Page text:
A Reply to CD’s Document on Wages for Housework (Internal Bulletin May 1976)
Wages for Housework is not Enough but is Necessary (Internal Bulletin May 1976)
The author of the first article argued in favour of supporting the demand on the grounds that the position of women will not change without them being economically independent and housework being recognized as work. In the second article another women in BF responded not disagreeing with the ideas behind the demand, but felt it lacked the ability to help organize working class power contained in other demands such as A Woman’s Right to Chose (for example in her own situation in a hospital). Also the sectarian behaviour of Power of Women would mean that BF would have to spend endless hours justifying how BF’s demand was different from their’s.
The third article takes a stronger position against Wages for Housework. She argues that feminists must find ways of destroying capitalism’s ability to define women in ways that suit it. They need to struggle against capital’s organisation of work and not work itself. Housework should be socialized on our terms. The original writer returns to the debate in the fourth article. She accepts that Wages for Housework in not enough, but thinks it is right. She sees no alternative to the demand in a society where women are tied to housework. Wages for Housework and the socialisation of housework go together, rather than being alternatives.
Whatever the views of some individuals, Big Flame as a group never endorsed the demand of Wages for Housework. It did come out in support of an independent state income for women. The demand for guarantied independent income was seen as a way of developing the Women’s Liberation Conference’s support for legal and financial independence. Apparently, its origins lay in discussion with housewives from the Tower Hill estate, near Liverpool. At the October 1976 Big Flame Conference the demand was adopted in the following form: “guaranteed, adequate, independent income for all women, including housewives”. It was accompanied by three other demands for “the socialisation of housework, paid for by the state, controlled by the working class”; for “housework to be paid for by the state, whoever does it and wherever it is done”; and “no division of labour between men and women, both inside and outside the home”. The case for this position is argued in this document: Women’s Commission Report to Big Flame Conference 1976 (conference document 1976).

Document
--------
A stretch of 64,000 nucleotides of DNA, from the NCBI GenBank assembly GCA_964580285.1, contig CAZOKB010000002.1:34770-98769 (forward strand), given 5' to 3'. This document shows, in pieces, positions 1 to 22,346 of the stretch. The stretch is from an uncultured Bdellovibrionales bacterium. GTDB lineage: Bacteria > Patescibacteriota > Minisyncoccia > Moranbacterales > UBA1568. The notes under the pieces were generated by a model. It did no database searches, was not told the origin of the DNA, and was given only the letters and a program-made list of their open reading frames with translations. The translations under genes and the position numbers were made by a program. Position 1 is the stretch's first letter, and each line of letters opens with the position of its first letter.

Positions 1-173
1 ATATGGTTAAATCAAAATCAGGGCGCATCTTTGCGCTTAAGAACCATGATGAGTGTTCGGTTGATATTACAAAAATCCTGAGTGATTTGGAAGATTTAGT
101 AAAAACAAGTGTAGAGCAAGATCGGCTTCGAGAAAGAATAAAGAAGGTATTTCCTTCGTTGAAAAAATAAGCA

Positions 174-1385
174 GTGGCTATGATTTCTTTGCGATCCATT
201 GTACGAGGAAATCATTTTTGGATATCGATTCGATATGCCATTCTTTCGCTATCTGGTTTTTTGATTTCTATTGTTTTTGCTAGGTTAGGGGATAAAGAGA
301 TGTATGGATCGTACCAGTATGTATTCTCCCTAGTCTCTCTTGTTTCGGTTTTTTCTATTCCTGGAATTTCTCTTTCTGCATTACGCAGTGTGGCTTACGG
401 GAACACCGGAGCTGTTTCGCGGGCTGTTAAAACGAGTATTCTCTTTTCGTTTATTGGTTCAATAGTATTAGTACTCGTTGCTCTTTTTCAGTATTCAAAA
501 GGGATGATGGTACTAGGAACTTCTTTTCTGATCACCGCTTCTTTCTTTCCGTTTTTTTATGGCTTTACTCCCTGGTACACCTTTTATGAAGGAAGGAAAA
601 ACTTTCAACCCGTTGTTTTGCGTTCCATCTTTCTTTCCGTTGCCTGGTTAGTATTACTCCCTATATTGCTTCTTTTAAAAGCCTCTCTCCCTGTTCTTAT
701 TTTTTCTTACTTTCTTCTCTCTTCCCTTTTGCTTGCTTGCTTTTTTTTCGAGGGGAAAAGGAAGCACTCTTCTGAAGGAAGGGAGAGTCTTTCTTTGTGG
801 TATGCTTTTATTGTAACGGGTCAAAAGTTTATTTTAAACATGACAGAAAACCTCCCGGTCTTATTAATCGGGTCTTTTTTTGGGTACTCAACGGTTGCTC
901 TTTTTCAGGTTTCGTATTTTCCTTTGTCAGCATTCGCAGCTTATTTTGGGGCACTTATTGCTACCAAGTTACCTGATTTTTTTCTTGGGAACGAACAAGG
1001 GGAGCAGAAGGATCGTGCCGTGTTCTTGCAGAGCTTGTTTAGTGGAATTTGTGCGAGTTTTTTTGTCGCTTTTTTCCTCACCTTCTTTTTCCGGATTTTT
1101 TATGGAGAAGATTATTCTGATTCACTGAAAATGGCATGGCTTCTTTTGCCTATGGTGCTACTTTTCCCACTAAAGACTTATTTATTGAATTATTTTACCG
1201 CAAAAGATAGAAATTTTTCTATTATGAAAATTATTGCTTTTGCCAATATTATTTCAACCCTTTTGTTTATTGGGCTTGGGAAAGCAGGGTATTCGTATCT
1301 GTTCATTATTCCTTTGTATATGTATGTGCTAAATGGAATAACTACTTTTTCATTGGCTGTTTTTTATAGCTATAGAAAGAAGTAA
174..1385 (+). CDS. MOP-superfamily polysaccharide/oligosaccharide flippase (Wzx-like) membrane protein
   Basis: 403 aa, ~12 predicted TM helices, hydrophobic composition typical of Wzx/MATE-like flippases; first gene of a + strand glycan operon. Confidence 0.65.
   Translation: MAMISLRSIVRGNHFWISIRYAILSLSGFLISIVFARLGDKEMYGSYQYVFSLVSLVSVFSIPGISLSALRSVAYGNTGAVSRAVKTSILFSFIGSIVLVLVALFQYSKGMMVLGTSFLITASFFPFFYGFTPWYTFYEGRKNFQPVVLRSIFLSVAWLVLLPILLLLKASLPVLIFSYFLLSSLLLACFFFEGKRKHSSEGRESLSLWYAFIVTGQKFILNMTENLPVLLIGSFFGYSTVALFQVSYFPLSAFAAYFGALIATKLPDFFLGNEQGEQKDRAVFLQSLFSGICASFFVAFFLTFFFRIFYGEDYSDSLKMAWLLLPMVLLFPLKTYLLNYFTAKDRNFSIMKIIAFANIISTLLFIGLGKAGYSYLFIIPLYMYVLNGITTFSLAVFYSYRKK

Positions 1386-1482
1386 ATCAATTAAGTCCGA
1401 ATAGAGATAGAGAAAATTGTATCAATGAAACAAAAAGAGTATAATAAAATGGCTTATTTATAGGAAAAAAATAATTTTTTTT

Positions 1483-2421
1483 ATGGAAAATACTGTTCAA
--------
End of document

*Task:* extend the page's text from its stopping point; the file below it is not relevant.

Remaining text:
The supporters of the position maintained that it was not the same as Wages for Housework. It did not assume that housework is done by women. Nevertheless, a lot of women in the organisation were unhappy with the approach, and debate continued up to the May 1978 Conference. A new set of demands emerged which aimed to make even clearer that housework was not women’s work, by amending the most ambiguous of the demands. The proposed new position was:
- A rewording of one demand to read “an independent income for all” i.e. omitting the references to both women and housewives.
- Dropping the position on housework being paid for by the state and replacing it by one of the state providing money and facilities to make housework easier.
- Retaining “the socialisation of housework”, but replacing the reference to working class control to community control.
- Keeping the same wording in relation to “no division of Labour”.
- Adding a new demand for no cuts and an increase in the social wage.
The supporters of the previous position originally opposed the change, then well in line with the proposals. The Conference adopted the new five demands. No subsequent BF Conference made further changes to this position. However, the 1980 pamphlet Walking a Tightrope does not mention the demand for independent state income.
After the conference another writer sought to take the debate about domestic labour in a different direction: Housework: Its Role in Capitalist Relations of Production and in Revolutionary Strategy (Internal Bulletin June 1977). She argued that BF had theorised about the role of housework without much link to practice. In the struggle against housework, unlike other sectors of struggle, too much emphasis had been placed on money and not enough on structure. Those fighting for a revolution needed to ensure that the manner of the servicing and reproduction of the workforce is not neglected in the new society. Books by Ann Oakley and Delia Davin are examined for the beginnings of a new perspective.
(2) This post was amended on October 29, 2009. The second half from the sub heading “Women’s Struggle Notes” downwards was added